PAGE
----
In this first case in the new Hugo Sandoval Eco-Mystery series, an old-school San Francisco building inspector with his trademark Borsalino fedora, must reluctantly venture outside his beloved city and find his sea legs before he can solve the mystery of how a 90-ton blue whale became stranded, twice, in a remote inlet off the North Coast.
When a blue whale is struck by a research vessel off the north coast of California, San Francisco’s eccentric building inspector Hugo Sandoval is catapulted from his precious San Francisco waterfront nearly two hundred miles north to the headlands of a troubled sheep ranch in response to a call for help from his cetologist daughter. This episode is set on the turbulent Mendocino Coast against the backdrop of a failing fishing fleet, illegal cannabis grows, and the struggling town of Fort Bragg. At the precarious Chicken Cove, he grapples with the connection between a red tag posted on the historic ranch and the decomposing marine mammal at the foot of its cliffs.
The new eco-mystery series tracks the collision of the man-made environment and nature while simultaneously charting Hugo’s own personal evolution as a husband, father, and native son. A charming cast of secondary characters who revel in the unassuming man’s perceptive abilities, while overlooking his many idiosyncrasies, provide assists in solving the mysteries. We meet Carmen, his corporate lawyer ex-wife; T. Ray, his best friend and fellow sleuth; his intuitive assistant Mrs. Dunne who steers their ofice on Otis Street, as well as the many regulars who populate Sandoval’s San Francisco. Immersed in the noir of The City, the resistant Hugo Sandoval is a media darling, reluctant bachelor, and people’s hero fighting the good fights in a modern era that—with each requested permit—attempts to eclipse the old San Francisco Sandoval loves.
Inspiration for the
I can identify three points of inspiration in writing HUGO. First, the stories were born in San Francisco where I remodeled commercial spaces – offices, bars, restaurants. Working deep in the heart of this old city, the stories were told by the buildings themselves – from a live gas line from the 1920s in the ceiling of a flat in North Beach to evidence I reveal in the first book, THE ROTTING WHALE, concealed in the deteriorating seawall beneath a historic waterfront saloon.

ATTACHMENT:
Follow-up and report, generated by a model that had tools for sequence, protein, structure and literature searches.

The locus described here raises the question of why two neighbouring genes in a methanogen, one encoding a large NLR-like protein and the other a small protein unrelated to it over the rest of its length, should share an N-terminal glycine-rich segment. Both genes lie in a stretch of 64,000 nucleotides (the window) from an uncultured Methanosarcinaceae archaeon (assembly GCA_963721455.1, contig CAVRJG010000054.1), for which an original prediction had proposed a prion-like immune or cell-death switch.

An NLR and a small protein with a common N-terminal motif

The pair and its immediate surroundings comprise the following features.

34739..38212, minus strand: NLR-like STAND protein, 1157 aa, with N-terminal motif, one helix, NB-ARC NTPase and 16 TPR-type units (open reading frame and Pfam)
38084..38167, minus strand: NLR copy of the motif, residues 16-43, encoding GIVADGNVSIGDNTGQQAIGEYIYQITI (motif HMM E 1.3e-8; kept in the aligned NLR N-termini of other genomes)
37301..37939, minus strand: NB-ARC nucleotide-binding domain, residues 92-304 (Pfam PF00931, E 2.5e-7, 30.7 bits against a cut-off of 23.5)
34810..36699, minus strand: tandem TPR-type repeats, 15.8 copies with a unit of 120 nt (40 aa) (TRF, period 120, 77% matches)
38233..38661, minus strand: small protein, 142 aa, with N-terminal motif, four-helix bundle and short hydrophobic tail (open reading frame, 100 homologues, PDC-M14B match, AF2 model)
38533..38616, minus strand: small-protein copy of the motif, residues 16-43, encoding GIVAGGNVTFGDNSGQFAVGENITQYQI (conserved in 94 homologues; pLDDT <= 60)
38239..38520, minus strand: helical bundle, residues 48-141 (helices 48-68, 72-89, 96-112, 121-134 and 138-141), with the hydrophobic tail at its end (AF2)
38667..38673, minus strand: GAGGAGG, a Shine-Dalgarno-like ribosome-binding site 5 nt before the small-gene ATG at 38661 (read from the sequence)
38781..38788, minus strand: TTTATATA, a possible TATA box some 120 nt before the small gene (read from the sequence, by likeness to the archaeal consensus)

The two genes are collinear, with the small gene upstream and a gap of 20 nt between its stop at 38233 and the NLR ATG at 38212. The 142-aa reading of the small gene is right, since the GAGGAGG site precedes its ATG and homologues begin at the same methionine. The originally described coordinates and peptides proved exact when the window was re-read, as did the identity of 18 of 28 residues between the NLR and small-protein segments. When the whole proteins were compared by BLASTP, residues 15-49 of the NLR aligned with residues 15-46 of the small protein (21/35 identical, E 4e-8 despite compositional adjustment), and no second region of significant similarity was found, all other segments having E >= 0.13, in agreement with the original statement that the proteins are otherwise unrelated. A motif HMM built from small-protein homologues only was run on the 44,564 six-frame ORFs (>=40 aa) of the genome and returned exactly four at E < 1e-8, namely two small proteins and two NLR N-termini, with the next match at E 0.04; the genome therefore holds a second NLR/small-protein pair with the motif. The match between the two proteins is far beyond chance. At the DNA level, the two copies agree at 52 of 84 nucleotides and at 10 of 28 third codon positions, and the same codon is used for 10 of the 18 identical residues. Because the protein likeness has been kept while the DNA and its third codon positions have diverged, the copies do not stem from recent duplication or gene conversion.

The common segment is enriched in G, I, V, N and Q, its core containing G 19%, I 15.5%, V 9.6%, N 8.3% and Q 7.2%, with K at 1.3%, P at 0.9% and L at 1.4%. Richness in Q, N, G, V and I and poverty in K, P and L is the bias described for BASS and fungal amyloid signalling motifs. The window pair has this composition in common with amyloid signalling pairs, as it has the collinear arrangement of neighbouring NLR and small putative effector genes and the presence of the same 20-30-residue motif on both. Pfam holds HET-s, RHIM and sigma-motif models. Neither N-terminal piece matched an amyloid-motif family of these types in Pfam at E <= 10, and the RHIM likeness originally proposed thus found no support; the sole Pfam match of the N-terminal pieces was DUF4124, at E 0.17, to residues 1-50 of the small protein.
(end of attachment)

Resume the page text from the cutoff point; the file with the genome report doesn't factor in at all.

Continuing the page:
All the stories are immersed in the history of the City and in the regions Hugo explores. For example, the ecological confrontations at the core of Hugo’s adventures originally surfaced when I learned of the stranding of a blue whale on the Mendocino Coast in 2009 and were further inspired by what the landed community chose to do about it.
Certainly not riding in the backseat of inspiration is a critical third element borrowed from the people I’ve tripped across during my life. Hugo himself is a hybrid, a mixed race son of immigrants born in the saddle between Chinatown and North Beach; the native San Franciscan I could never be. Living for years in that diverse community, I’ve surrounded Hugo with characters I had come to know, ordinary folks, all of whom have a puzzle in their path and their own story to tell.
Working as a hands-on, independent woman contractor in San Francisco for twenty years, Jann Eyrich resided in the legendary shacks of Telegraph Hill where the writer was gifted anchorage to the City, along with insight into the lives of the characters she continues to create. First as a documentary filmmaker, then as a screenwriter, Eyrich’s stories always seem to be set within an environmental foot-print. Later, as a writer and an activist in Sonoma County, Jann heard about a real blue whale stranding itself on the Mendocino Coast in 2009 and, with that, the adventures and character of Hugo Sandoval were born.
Visit the series website at https://hugomysteries.com